The Wall is the Wall: Why Fortresses Fail
…and there he corrected many abuses and was the first to construct a wall, eighty miles in length, which was to separate the barbarians from the Romans.
— Cassius Dio, second-century Roman historian
The Wall is the Wall, it has never changed or evolved from the first day I conceived of it.
—Donald J. Trump, 45th President of the United States
Two and a half thousand years after its construction, the fortifications at Dún Aonghasa are an alien artifact — desolate rings of weather-beaten stone laid out on a windswept cliff on Ireland’s Aran Islands in the North Atlantic. But upon closer examination, Dún Aonghasa betrays sophisticated and familiar strategies of defense. These concentric walls and ditches built five centuries before the birth of Christ are flanked by a tangle of limestone stumps that serve as anti-cavalry measures called cheval de frise. It’s a location that offered a good vantage point and a safe refuge for those who held it. Dún Aonghasa presents early evidence of the same principles of redundant security measures at work in 13th century castles, 17th century star-shaped artillery fortifications, and even “defense in depth” security architecture promoted today by the National Institute of Standards and Technology, the Nuclear Regulatory Commission, and countless other security organizations world-wide.
Dún Aonghasa from the air.
Security advances throughout the centuries have been mostly technical adjustments in response to evolving weaponry. Fortification — the art and science of protecting a place by imposing a barrier between you and an enemy — is as ancient as humanity. From the standpoint of theory, however, there is very little about modern network or airport security that could not be learned from a 17th century artillery manual. That should trouble us more than it does.
Fortification depends on walls as a demarcation between attacker and defender. The very first priority action listed in the 2017 National Security Strategy states: “We will secure our borders through the construction of a border wall, the use of multilayered defenses and advanced technology, the employment of additional personnel, and other measures.” The National Security Strategy, as well as the executive order just preceding it, are just formal language to describe the recurrent and popular idea of a grand border wall as a central tool of strategic security. There’s been a lot said about the costs of the wall. But, as the American finger hovers over the Hadrian’s Wall 2.0 button, whether or not a wall will actually improve national security depends a lot on how walls work, but moreso, how they fail.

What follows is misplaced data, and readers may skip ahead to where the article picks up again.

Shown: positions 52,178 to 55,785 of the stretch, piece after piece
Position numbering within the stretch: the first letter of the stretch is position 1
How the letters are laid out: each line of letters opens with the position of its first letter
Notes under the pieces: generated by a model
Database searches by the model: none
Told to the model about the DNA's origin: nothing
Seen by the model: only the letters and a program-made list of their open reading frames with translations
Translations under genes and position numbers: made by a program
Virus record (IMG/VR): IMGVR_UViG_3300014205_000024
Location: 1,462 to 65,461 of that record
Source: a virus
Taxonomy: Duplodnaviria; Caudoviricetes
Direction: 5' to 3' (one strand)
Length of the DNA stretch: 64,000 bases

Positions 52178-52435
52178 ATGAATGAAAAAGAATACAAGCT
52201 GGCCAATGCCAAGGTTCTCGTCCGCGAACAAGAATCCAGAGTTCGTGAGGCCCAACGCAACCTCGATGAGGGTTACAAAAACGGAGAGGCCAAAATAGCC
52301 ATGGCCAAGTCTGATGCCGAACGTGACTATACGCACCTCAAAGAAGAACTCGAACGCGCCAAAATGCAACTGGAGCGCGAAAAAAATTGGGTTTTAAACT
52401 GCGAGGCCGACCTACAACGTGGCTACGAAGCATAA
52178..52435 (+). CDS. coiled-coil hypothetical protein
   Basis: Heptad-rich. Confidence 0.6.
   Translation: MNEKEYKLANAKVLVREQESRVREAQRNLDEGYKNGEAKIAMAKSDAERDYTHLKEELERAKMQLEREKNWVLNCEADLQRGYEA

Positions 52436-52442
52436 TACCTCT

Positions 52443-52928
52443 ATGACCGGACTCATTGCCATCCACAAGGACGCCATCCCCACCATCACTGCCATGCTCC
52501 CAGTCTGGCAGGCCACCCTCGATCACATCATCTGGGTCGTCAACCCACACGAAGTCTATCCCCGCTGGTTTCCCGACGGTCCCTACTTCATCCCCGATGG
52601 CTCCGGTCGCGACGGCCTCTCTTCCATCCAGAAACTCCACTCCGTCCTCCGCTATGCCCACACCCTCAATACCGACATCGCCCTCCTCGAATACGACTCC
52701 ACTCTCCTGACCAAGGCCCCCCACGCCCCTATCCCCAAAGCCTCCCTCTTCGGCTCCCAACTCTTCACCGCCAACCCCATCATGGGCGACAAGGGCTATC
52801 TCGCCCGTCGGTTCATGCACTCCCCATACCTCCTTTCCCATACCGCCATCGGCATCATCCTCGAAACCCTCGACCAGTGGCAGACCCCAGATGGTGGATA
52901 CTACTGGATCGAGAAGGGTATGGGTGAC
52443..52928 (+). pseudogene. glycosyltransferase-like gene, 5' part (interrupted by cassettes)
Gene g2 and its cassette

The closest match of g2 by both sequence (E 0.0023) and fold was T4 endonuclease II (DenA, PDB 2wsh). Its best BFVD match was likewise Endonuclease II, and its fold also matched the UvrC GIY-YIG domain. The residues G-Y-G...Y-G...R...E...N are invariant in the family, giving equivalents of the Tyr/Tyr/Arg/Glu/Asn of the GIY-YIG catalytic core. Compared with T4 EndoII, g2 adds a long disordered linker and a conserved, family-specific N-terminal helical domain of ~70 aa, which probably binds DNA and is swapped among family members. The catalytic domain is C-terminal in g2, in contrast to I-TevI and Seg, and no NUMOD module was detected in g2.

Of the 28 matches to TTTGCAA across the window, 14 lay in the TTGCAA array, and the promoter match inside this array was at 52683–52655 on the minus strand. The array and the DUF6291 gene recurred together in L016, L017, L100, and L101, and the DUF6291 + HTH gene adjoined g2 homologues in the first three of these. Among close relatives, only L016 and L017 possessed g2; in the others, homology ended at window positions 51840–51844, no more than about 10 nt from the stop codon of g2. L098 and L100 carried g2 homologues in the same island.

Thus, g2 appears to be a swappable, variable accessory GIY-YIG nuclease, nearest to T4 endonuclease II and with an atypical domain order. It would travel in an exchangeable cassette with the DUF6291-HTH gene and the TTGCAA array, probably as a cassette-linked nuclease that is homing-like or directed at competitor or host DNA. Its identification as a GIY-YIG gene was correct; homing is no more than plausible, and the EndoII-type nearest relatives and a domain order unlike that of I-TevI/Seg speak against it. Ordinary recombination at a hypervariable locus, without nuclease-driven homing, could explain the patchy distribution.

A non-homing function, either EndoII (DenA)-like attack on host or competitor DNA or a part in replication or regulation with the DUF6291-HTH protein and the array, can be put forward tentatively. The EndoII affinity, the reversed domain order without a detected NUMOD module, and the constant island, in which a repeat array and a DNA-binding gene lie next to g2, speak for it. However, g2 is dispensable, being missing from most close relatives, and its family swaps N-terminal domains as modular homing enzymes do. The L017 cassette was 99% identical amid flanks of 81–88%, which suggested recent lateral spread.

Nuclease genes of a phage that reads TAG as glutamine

Walls are binary. They protect us from them (or them from us). But by setting up a barrier, a wall instigates a contest between attacker and defender — for a thief, a locked door is just a design challenge. This means that advances in walls bring with them corollary advances in weapons. At the root of fortification is the idea that you can out-calculate an opponent. Fortification supposes that through preparation, diligence, and ingenuity, a place can be made strong enough that it would cost an enemy too much to take it. It’s such a ubiquitous approach to security that some historians have claimed it as an essential principle of nature. If Trump’s wall is so much Ozymandian fantasy, it’s at least an ancient fantasy. The 8th century earthworks of Clawdd Offa still demarcate the boundary between Wales from England. Over millennia, a cycle of fortification, siege, collapse, and innovation has developed. Ancient motte (hill) and bailey (wall) castles foreshadowed siege engines, and the most imposing castle walls prophesied the advent of artillery. Quantum computing is distant thunder to data encryption.
Restormel Castle, a 12th-century shell keep built over an old wooden motte and bailey castle. (Darren Shilson/Flickr)
In the 19th century, architect and engineer Violet le Duc saw this as a Darwinian struggle, propelling the fittest nations forward. He put it starkly:
War is struggle, and we find struggle everywhere in nature; it secures greatness and duration to the best educated, the most capable, the noblest, the most worthy to survive. And in the present day more than ever, success in war is the result of intelligence and of that which develops intelligence—Work.
Here conflict is anabolic. In this view the evolution of simple to complicated fortification is a symptom of greater societal advance. The earliest and simplest remnants of fortifications changed in the 1200s when evolutions in weaponry drove continued innovation and complications in medieval castles. In 1494, during the First Italian War, the introduction of mobile field artillery allowed Charles VIII of France to overthrow in just weeks castles that might have held out for years only a century before.